We have received a note from Mr. Joseph Hume, assuring us that his hair has a curl, and consequently desiring to be ranked amongst the “ useful” members of society; but Professor Hardhead,

“ the Dr.” as he is called, par eminence, amongst his disciples, requests us to reply, that the honorable representative of the Scotch fishwomen is entirely mistaken, and that " the tottle of the whole” of the matter is, that he has not a single curl, except those which Saunders M‘Mullegrubs is under a contract to supply him with every Sunday morning, at the rate of four-pence three farthings per week, payable quarterly, the said Saunders agreeing to deduct the extra three farthings whenever the said honorable gentleman provides a fire wherein the curling irons of the said Saunders may be heated.

Two other letters which have reached us are written by persons who most unreasonably pretend that there is no such science at all as Capillology, and charge us with endeavouring to bring the sister science of Phrenology into contempt. This is really most ridiculous; how we can bring Phrenology into a situation in which it is well known to be already, we do not exactly see; but the truth is, we, or rather “ the Dr.,” for we merely give utterance to the opinions of another---" the Dr.” has no desire whatever to interfere with any other science; he would wish Capillology to be judged by its own merits, without reference to any extraneous matter.

We cannot feel much surprise that there should be sceptics in Capillology, however much we may regret the fact, since in this respect we share the fate not only of Phrenology, but even of those opinions which we regard most holy. The truth is, nothing can be done in Capillology, Phrenology, and sciences of the like nature, without a considerable portion of faith. One of the letters we have received upon this subject, and which, as well as we can make it out, for it is a miserable scrawl, is signed, “ J. Devil, Strand,” rates us in very set terms upon this subject, and tells us, that if we would only make a few “hopserwashuns,” we should soon discover that Phrenology proceeds upon“wery certain principles." We make no doubt that all this good gentleman asserts is very true---we have no quarrel with Phrenology, and dare say he finds the study of it to be extremely profitable; but surely Dr. Hardhead may be allowed to circulate his opinions with as much freedom as is granted to Dr. Spurzheim and his foreman, the--the---the-what is his name? our Strand correspondent.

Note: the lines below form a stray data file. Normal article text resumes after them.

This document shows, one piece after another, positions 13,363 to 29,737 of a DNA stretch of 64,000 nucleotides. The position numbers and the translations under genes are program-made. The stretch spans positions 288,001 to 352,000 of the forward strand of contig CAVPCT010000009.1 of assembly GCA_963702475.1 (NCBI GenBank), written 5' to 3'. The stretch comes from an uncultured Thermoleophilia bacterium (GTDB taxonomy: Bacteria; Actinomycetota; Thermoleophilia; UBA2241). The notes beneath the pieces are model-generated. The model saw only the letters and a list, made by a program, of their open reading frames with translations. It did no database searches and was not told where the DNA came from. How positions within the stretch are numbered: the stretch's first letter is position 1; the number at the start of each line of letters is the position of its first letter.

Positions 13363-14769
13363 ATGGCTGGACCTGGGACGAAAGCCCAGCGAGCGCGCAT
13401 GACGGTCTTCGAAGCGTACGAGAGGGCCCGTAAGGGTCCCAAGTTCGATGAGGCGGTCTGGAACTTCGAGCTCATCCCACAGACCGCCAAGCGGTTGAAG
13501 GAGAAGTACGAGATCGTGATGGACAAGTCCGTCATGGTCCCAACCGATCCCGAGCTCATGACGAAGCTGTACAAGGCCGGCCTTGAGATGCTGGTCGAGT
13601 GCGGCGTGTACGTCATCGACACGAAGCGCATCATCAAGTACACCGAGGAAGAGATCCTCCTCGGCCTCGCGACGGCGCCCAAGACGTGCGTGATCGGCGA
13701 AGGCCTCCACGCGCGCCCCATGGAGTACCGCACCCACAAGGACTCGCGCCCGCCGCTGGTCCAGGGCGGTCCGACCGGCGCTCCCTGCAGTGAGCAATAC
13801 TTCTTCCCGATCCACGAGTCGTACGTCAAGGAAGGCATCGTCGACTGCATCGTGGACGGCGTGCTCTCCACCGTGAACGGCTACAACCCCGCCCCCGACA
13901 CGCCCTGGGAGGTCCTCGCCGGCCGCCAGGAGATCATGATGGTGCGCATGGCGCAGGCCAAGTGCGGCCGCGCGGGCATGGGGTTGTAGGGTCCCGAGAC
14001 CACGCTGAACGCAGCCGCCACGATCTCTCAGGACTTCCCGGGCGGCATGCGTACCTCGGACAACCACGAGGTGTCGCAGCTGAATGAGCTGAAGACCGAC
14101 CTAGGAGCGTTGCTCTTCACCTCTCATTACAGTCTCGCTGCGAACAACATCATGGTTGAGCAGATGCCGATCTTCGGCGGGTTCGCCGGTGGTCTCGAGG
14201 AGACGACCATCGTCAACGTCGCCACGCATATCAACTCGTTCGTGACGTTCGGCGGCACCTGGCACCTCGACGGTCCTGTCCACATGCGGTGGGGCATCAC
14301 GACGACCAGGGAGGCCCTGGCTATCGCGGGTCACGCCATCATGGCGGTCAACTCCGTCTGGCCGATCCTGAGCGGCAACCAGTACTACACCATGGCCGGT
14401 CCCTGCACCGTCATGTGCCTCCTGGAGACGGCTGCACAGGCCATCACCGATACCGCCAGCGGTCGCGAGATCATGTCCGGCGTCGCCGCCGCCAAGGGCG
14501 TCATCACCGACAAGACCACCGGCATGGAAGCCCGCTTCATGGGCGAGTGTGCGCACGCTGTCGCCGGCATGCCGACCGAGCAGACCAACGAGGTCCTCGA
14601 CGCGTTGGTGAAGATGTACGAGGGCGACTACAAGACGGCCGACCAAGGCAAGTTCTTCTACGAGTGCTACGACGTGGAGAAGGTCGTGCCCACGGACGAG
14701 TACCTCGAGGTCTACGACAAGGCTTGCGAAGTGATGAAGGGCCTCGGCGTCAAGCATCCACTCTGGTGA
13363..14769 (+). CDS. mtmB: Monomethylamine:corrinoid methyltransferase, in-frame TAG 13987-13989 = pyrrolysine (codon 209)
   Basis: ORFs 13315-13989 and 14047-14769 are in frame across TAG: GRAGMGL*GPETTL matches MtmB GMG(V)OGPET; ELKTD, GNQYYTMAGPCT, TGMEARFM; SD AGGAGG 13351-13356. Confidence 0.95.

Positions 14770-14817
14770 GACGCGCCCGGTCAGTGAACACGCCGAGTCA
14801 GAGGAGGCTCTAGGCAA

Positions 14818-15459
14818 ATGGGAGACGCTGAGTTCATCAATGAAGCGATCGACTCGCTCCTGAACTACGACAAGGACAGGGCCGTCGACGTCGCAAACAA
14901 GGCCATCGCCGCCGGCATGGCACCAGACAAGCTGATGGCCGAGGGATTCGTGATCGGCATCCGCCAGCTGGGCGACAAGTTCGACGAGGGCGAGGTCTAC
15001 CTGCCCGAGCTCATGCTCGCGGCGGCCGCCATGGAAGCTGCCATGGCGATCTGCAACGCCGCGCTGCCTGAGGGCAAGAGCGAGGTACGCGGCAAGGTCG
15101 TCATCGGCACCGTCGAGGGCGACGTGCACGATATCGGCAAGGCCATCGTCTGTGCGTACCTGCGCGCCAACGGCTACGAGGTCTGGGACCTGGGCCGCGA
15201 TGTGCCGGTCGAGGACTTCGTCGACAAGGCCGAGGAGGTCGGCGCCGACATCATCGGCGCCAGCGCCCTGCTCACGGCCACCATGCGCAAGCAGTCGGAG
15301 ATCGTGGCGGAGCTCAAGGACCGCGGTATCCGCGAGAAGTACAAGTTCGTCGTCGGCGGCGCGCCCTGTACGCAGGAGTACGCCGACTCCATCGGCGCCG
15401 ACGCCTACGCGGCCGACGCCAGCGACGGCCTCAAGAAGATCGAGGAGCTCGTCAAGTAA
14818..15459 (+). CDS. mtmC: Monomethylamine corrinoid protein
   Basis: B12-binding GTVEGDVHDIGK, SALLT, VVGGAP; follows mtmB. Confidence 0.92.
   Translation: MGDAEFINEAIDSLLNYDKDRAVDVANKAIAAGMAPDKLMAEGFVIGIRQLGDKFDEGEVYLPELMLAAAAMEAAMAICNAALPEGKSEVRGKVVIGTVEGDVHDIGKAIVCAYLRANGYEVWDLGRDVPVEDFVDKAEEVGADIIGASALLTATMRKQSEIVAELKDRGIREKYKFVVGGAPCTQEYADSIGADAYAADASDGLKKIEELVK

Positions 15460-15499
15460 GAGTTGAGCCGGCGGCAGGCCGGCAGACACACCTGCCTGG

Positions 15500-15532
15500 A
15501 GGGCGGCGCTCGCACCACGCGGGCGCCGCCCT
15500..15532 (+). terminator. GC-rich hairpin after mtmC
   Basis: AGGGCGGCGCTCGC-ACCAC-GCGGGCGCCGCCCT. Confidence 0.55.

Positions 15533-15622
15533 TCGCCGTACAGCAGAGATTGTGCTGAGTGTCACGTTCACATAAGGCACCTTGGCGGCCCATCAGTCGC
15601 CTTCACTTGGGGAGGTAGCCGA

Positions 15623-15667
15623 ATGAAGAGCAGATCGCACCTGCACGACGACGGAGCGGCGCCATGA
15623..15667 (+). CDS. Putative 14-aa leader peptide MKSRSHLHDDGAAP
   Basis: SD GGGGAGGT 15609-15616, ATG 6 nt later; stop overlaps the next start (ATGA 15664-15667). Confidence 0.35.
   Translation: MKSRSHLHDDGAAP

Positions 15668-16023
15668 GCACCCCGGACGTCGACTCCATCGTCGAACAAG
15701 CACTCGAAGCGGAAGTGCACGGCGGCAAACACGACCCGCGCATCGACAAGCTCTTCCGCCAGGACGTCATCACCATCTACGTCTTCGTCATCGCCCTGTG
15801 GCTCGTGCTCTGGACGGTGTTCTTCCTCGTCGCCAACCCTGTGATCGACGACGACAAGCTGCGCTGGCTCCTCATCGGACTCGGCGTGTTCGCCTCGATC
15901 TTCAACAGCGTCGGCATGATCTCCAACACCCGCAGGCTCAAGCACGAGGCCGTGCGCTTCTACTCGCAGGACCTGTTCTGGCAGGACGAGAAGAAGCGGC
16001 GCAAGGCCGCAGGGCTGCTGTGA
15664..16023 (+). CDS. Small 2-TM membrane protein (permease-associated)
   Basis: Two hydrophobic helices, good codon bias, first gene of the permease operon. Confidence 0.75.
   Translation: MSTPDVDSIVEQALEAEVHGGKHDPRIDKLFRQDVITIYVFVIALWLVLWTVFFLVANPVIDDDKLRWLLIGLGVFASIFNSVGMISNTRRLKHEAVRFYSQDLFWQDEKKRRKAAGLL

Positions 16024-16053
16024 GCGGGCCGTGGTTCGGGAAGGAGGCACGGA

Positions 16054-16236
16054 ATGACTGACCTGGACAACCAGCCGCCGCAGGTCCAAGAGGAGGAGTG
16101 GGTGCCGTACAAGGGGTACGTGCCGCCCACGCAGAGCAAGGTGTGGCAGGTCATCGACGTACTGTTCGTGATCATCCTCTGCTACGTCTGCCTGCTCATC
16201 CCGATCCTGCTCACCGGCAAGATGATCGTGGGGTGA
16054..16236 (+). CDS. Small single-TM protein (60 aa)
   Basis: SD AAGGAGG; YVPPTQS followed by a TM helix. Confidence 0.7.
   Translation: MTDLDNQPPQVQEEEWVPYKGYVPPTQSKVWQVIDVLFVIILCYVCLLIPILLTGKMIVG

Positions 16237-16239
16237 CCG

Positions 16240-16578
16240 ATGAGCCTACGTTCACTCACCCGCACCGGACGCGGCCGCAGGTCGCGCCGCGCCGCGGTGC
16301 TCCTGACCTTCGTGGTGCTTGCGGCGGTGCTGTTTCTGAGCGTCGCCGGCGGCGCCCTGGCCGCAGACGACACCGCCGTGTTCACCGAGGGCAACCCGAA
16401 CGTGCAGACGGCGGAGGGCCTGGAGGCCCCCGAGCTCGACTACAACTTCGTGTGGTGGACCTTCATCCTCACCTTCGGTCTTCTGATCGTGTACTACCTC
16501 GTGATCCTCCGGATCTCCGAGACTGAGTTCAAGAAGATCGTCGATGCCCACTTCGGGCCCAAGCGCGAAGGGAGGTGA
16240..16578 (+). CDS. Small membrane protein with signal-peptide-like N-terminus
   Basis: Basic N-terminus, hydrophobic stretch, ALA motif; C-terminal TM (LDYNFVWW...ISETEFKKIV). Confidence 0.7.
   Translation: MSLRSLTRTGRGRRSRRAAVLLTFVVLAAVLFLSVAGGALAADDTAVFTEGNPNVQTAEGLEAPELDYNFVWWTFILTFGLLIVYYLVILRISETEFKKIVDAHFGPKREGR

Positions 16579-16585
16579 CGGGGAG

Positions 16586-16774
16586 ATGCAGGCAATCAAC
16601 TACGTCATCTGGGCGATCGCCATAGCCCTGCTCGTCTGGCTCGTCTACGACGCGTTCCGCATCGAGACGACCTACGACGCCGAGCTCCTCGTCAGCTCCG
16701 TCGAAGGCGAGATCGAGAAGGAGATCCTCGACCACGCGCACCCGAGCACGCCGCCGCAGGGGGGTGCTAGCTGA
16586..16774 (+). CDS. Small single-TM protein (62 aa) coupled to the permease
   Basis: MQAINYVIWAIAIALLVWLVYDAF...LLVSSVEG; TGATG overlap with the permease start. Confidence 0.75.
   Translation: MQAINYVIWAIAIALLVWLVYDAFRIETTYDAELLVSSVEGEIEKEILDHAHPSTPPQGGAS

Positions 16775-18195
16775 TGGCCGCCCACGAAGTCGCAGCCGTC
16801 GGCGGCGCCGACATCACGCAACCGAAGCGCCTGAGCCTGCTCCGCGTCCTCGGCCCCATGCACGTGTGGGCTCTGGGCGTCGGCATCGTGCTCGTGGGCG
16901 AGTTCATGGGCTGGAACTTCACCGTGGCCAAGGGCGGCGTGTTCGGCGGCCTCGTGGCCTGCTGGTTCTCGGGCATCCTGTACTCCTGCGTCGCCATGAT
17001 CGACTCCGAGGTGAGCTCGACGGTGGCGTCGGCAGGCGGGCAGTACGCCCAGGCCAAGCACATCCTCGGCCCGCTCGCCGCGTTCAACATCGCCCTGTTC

The fourth letter from the cons is dated “ Mutton Hill," and is really quite libellous. This man wants to take away the character of Dr. Hardhead altogether, by asserting, that he is nothing better than a quack!" and that Dr. Spurzheim is the only “real Simon Pure” in these matters. We have handed this letter to Dr. Hardhead, who informs us that he has stated a case for the opinion of Mr. Brougham, as to whether an action will not lie for this serious defamation; and if Mr. B.'s opinion is in the affirmative, “the Dr.”intends to enter an action in the King's Bench immediately.

We now turn to the more pleasing task of considering one or two of the inexhaustible store of testimonials in favor of Dr. Hardhead's

discoveries. It is quite impossible we can do more than state the .contents of a few of them. The first we shall notice is from a Mr. Thomas Campbell, who begs to assure us that his hair is curly, and pledges himself that if we will tell the world that it is so, he will procure Dr. Hardhead the Capillology Professorship of the London University. We do not know this “ Thomas Campbell,” but he seems very anxious to get a little fame, and we like to humour harmless propensities.

One of the Missionary Societies has applied to us as to the capacities of several young men whom they are about to send out to convert the heathen, and have enclosed twenty guineas for our opinions upon certain described heads of hair. No. 1, is perhaps a pious” youth, as that word is now construed, that is, he may be very willing to condemn all who do not agree with him upon abstruse, mystical doctrines; but he is a very thick-headed, obstinate fellow, and is entirely ignorant of the language and manners of the people to whom he is about to be sent. No. 2, à married man, who has received out of the money collected for religious purposes, 8001. to fit out himself and wife, and is to have a salary of 500l. per annum, and to be done for" by the Company.--Society we mean. This is a sly Scotchman, who hás accepted what he thinks, and is determined to make, a good birth ---when he is once out of control of his masters, he will see the heathen at the del before he will go near them. They may convert themselves if they please, he will not be plagued with them.